Roy Hargrove
* October 16, 1969
United States
Music group
Trumpeter/composer Roy Hargrove may be only 33 years old, but in just 14 years as a professional, he's established a reputation as one of the most versatile and hardest working players in jazz. Check his resume: nine albums as a leader and two more as a co-leader. He's led quartets, quintets, nonets and a big band. In 1996, he went to Cuba, recruited some of the island's finest players (including piano legend Chucho Valdes) and recorded the Afro-Cuban jazz landmark and Grammy® winning Habana.

Over the last three years, the trumpeter has ventured into the black pop mainstream as a collaborator; first with neo-soul godhead D'Angelo (2000's Grammy®-winning Voodoo album and tour) then via guest shots on albums by Erykah Badu, Common and the Red Hot AIDS awareness organization (Red Hot + Riot). On May 20th, Roy Hargrove makes his own musical mark on this world with the 14-track Verve release The RH Factor: Hard Groove.

Conceived, composed and produced by Hargrove, Hard Groove assembled some of the most respected young R&B dons and divas (D'Angelo, Anthony Hamilton, Erykah Badu and Stephanie McKay), jazz/neo-soul/jam band players (Marc Cary, Steve Coleman, Gene Lake; James Poyser, Pino Palladino, Bernard Wright; Karl Denson, and hip hop MCs (Q-Tip, Common) recording today. "I just wanted to open a door that would allow the musicians involved in jazz and the musicians involved in the R&B/hip hop mainstream to form some music that would have no limit", explains Hargrove. "It's like a merging of those two worlds."

On "Common Free Style" ("Since I was a shortie/Used to drink forties/Now I'm drinking some kind of water/And supporting my daughter, y'all") Hargrove supports the rapper's freewheeling wordplay with double-tracked horn baps, squiggly wah-wah trumpet and spacey flugelhorn.

On George Clinton's tune, "I'll Stay" the rhythm section lays down a slow vamp throughout while Chalmers "Spanky" Alford sprinkles in gossamer guitar obligatos, with Roy's plaintive horn solo and D'Angelo's soulful musings.

On "Poetry" Roy and Karl improv on the head of Freddie Hubbard's "Little Sunflower" and spin it into a brand new hip hop love song via Q-Tip's sweet name-checking floetry, Meshell Ndegeocello's eddying bassline, Gene Lake's snap/slap drum beats and Erykah Badu's rhythm divine vocal.

From the hot 'n sour piquancy of the title song to the slinkily lubricious "Forget Regret" to the quiet storm of "Liquid Street" to "Out Of Town's" M-Base-meets-Weather Report and the misty-eyed album-closing lullaby "The Stroke". The music on Hard Groove exceeds even the trumpeter's optimistic expectations by a quantum leap.

Roy Hargrove was born in Waco, TX on October 16, 1969. Inspired by the gospel music he heard in church on Sundays and the R&B and funk music that played on the radio, Roy began learning the trumpet in the fourth grade. Somewhat of a prodigy, he was playing at an advanced level of proficiency by the time he reached junior high school. During that time, jazz saxophone legend David "Fathead" Newman performed at his school. After that, all Roy wanted to do was improvise like him.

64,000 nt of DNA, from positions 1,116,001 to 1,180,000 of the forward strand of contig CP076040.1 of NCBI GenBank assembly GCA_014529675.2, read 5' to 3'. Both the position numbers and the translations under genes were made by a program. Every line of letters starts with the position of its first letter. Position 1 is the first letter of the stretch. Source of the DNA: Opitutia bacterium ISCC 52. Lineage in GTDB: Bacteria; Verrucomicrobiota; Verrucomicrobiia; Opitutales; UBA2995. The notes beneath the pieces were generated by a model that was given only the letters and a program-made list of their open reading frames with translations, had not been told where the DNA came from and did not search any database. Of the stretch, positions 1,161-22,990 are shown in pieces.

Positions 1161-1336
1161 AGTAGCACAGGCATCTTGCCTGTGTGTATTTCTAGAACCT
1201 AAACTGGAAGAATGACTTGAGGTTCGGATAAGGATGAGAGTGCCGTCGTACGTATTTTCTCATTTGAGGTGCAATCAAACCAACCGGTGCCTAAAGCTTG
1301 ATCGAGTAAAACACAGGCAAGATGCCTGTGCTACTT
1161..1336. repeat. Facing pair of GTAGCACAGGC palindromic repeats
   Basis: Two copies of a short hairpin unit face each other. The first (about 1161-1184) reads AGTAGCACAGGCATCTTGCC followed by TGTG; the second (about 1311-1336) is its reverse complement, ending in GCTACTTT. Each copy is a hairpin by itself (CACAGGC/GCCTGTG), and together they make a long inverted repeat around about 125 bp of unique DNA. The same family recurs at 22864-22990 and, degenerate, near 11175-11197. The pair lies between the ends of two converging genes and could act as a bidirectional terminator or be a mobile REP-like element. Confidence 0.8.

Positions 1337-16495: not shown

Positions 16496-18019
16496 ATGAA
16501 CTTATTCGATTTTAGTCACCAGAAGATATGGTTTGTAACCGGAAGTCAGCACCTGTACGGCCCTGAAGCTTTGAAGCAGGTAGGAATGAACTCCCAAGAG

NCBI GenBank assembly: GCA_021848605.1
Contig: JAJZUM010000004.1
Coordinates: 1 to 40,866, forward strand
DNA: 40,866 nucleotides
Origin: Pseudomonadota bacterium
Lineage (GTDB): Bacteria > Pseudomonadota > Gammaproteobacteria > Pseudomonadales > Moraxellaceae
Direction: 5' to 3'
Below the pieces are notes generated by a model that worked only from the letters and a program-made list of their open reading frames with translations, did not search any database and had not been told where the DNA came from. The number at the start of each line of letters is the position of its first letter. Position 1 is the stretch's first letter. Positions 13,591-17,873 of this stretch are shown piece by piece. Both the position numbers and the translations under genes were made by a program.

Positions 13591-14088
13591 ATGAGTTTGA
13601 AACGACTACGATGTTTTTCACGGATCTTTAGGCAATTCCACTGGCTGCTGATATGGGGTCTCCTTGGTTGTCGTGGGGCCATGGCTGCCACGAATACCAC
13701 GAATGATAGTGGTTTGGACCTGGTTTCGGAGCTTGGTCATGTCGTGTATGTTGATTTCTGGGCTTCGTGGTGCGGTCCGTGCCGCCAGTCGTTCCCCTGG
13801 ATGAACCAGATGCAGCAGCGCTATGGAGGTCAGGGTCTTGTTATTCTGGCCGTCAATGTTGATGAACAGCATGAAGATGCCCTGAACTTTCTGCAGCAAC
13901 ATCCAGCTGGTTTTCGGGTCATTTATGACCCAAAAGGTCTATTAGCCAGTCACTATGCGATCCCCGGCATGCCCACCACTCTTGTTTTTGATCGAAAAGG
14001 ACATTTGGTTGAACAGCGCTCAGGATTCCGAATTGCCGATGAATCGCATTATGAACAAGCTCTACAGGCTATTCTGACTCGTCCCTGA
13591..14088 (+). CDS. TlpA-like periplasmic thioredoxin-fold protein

By age 16, he was studying music at Dallas's prestigious Booker T. Washington School for the Visual and Performing Arts (fellow alumni: Erykah Badu and Norah Jones). Midway through his freshman year, Roy was "discovered" by Wynton Marsalis, who was conducting a jazz clinic at the school. Greatly impressed by youngblood's skills, Marsalis facilitated an audition with Ft. Worth's Caravan of Dreams Performing Arts Center where he ended up supporting Hubbard, Dizzy Gillespie, and Herbie Hancock. During his senior year, Roy was hired by Frank Morgan for a European tour.

In '88, the trumpet phenom moved east to study music at Boston's Berklee. He lasted but a year -- spending more of his time bumrushing NY jam sessions and gigging with Bobby Watson, Ricky Ford, Carl Allen and Superblue than hitting the books. In 1990 he released his major label solo debut, RCA/Novus's Diamond In The Rough. Four albums/years later, RH dropped his Verve debut, the critically acclaimed With the Tenors of Our Time (featuring Joe Henderson, Stanley Turrentine, Johnny Griffin, Redman and Branford Marsalis). Stylistically, every album Hargrove has released on Verve has been different from the one preceding it. Family, Habana, Moment to Moment - have all been Grammy® nominated artistic/critical/commercial triumphs. At this year's Grammys®, Roy, Herbie Hancock and Michael Brecker won the award for Best Instrumental Jazz Album for Directions In Music.

The RH Factor: Hard Groove represents a turning point in Roy Hargrove's definitions of the music: "Personally this represents the passion that I have for the music to want to take it forward. That feeling alone made me realize that this was a spiritual event and that it was something that was history -- something to be remembered That's what the record is -- opening a new door. And this is only the beginning. There will be more episodes to come."
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